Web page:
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"This made-on-a-shoestring film delivers a wallop. I went in with no expectations and was instantly drawn into the compelling opening scenes, and the razor sharp acting by the young cast.The movie opens with Beth (Radha Mitchell) striding purposefully down a dusty highway. She is furious when a car speeds past her leaving her in a cloud of dust without offering her a ride. She arrives at a surprising spacious, super hygienic diner that she opens for business. Imaginative quick shots follow of her filling the condiment containers, starting the coffee, turning on the lights highlighting the boredom and repetitiousness of her life. Enter the driver of the car who passed her by, Jack (Barry Wilson) greasy haired, frail, shaky and obviously broke and hungry. Beth warily jokes with him and feels empathy toward this polite young man; she has obviously had troubles of her own. Jack claims that three surfers are after him, trying to kill him. He clearly is frightened and has a serious wound in his side. While he is telling his story, the "surfers" drive up. In a panic, he draws a knife and hides. The three, led by Daniel (Josh Lucas, the only actor I recognized: "Sweet Home Alabama," "Hulk") said they were on their way to the nearby beach. Daniel in particular was charming, funny and sweet. They admitted they were looking for a drifter who they claimed had broken into their car and robbed them. That's the setup, and Beth (and the viewer) spend two-thirds of the movie trying to figure out who to believe. Violence, terror, and things that-go-bump-in-the-night escalate until the tension is unbearable.The pacing is relentless and for me, the movie went by in a flash. Excellent directing by Scott Reynolds who I understand has made other fine, quirky, low budget films. "When Strangers Appear" doesn't answer all your questions. It never tells you exactly what, if anything, was stolen or whether the drifter or the surfers might be disguised agents of some government, maybe our own. I do not consider this a flaw. It was just one more thing to ponder over. A minor annoyance was the "Oregon" locale. The movie was shot in some Commonwealth country; the road and informational signs were a dead giveaway. The lack of extras (probably a budget consideration) was a plus; it focused the intensity on the main players and heightened the sense of alienation."When Strangers Appear" is excellent entertainment. I recommend buying it for your home library if you are not adverse to a scare or two or three.
What?s all the fuss about?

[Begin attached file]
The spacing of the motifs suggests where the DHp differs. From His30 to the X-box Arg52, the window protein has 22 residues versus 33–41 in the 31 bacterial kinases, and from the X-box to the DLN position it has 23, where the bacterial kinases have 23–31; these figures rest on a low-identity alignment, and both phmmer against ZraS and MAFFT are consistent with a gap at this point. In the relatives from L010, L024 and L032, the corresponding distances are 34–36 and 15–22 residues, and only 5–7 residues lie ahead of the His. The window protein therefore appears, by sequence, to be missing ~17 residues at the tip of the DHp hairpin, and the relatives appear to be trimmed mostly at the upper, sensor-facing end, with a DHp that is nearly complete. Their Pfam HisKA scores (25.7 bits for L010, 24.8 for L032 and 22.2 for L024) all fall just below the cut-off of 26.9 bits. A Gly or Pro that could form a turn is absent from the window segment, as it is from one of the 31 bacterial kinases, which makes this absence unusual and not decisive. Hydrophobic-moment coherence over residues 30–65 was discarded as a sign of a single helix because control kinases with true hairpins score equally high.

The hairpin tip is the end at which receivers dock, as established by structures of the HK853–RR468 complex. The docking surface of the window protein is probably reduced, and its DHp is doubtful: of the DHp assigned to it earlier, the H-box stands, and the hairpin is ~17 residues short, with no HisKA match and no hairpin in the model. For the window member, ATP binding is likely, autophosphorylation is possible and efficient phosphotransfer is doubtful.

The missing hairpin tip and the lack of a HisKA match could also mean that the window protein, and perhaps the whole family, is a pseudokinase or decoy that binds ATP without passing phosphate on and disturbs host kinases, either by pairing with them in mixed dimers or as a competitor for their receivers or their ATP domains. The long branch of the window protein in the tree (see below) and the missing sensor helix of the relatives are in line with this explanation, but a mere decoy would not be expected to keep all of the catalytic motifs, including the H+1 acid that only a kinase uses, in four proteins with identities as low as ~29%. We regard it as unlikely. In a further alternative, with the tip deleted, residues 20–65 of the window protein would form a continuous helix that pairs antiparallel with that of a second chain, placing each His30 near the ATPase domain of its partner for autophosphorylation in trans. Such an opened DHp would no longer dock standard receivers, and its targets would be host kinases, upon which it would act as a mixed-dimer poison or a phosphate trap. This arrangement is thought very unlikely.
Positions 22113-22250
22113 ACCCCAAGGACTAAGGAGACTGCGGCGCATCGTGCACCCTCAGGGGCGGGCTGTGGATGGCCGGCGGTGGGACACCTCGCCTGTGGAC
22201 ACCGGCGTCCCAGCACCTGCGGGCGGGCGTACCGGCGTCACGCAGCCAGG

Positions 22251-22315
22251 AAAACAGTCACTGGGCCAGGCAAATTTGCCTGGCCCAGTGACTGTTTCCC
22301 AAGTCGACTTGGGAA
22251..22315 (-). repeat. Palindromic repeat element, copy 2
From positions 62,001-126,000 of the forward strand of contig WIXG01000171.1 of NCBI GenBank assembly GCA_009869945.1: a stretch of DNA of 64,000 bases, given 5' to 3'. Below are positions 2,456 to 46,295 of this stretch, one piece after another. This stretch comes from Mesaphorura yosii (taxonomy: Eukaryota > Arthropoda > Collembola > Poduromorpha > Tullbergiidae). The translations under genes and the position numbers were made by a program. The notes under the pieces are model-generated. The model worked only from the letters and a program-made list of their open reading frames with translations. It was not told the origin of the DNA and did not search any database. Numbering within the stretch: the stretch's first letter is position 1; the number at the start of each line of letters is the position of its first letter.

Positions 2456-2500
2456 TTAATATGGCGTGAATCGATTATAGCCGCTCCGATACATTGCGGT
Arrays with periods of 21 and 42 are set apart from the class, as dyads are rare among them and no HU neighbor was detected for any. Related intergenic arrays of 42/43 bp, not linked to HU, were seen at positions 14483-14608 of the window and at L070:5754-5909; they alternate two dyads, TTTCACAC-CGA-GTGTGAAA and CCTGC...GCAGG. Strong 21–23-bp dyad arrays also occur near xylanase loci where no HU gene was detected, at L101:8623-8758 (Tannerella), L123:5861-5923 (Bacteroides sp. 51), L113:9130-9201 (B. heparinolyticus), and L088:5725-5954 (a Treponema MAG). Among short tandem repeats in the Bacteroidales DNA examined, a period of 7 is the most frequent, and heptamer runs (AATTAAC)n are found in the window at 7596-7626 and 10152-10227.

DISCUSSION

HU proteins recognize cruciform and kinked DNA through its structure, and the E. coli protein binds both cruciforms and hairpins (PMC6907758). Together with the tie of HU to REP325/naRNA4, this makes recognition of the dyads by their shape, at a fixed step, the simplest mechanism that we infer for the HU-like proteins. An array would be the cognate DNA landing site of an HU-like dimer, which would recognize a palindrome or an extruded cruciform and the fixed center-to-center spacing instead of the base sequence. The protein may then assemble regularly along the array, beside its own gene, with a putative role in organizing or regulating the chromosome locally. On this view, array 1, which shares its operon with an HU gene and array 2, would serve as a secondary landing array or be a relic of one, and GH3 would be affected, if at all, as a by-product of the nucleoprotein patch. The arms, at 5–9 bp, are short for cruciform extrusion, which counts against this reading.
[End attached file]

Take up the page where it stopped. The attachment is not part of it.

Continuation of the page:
trebe | 09/03/2002
(4 out of 5 stars)
"When Strangers Appear, is the kind of movie that can suck you in, and take you along for a suspenseful, and unpredictable journey. Written and directed by Scott Reynolds, the film is an Australian production, set in of all places, Oregon. The plot unfolds, taking twists and turns, designed to keep you guessing. The film features no big stars, but contains solid performances by the entire cast. Ultimately how much you may enjoy it, may depend on your tolerance for ambiguity. If you need to have total clarity and resolution, you may not be satisfied with the ending. Saying too much, about exactly what happens, would ruin it for those who have not yet seen the movie, but here are some peripheral comments. Radha Mitchell, is an actress with talent. She was great in ...Pitch Black..., and also plays a strong woman here. Her performance is believable, and rings true throughout. No cheap laughs, or throwaway lines. Her character "Beth", is busy running two businesses. By day, a tiny dinner, and at night, she manages a motel. Barry Watson, gives an edgy performance as a furtive and suspicious drifter who shows up at the diner, claiming that people are after him. Josh Lucas plays a helpful "surfer", one who's concerned about Beth. And Kevin Anderson plays the local lawman, a guy who apparently has problems controlling himself around women, especially Beth. When Strangers Appear, is an interesting film, with some quirky choices in editing. It starts a bit slow, but the level of violence escalates, at times quite surprisingly. The plot twists keep you guessing, and in the end, you don't know exactly what it was all for. There are some major problems with time sequencing during a standoff scene at the diner, where it goes from noon to dusk in just a few minutes. Also, cars seem to suddenly and silently, appear out of nowhere, a bit too often. The foreign locales could pass for Oregon, unless perhaps you're an expert on trees of the Pacific Northwest. A couple of minor characters, do seem to have a hint of Aussie type accents. The post end credit "post script" doesn't add anything. Though far from perfect, it is still a thriller well worth your time. Radha Mitchell continues to show that she is an actress with much potential.The DVD contains both widescreen and full screen versions of the movie. The extras are minimal, and the subtitling is not true to the actual dialog."
snakecatcher2000 | Cedar Park, TX United States | 04/29/2007
(4 out of 5 stars)
"This one keeps you guessing about everyone except Beth (Radha Mitchell). Even when pieces to this ingenious plot start fitting together, there are still more surprises. Great cinematography and features like the cafe, and the gas station are almost characters themselves the way the camera frames them and then slowly brings the viewer into the scene. When it was over I kept thinking Quentin Tarantino would somehow appear in the credits as "Inspired by..." or "Taken from an idea by...". Loved it and am happy to add it to my collection."
A drifter comes calling
mikey mike | 01/02/2007
(2 out of 5 stars)
"-A pretty lady called Beth owes a Diner out in the middle of nowhere when one day a stranger called Peter comes in a little shook up and claims that he's being chased by three men that later on come in the Diner. Beth must now decide whether she can trust the stranger or whether the stranger is rather the one that should be feared and not the three men after him.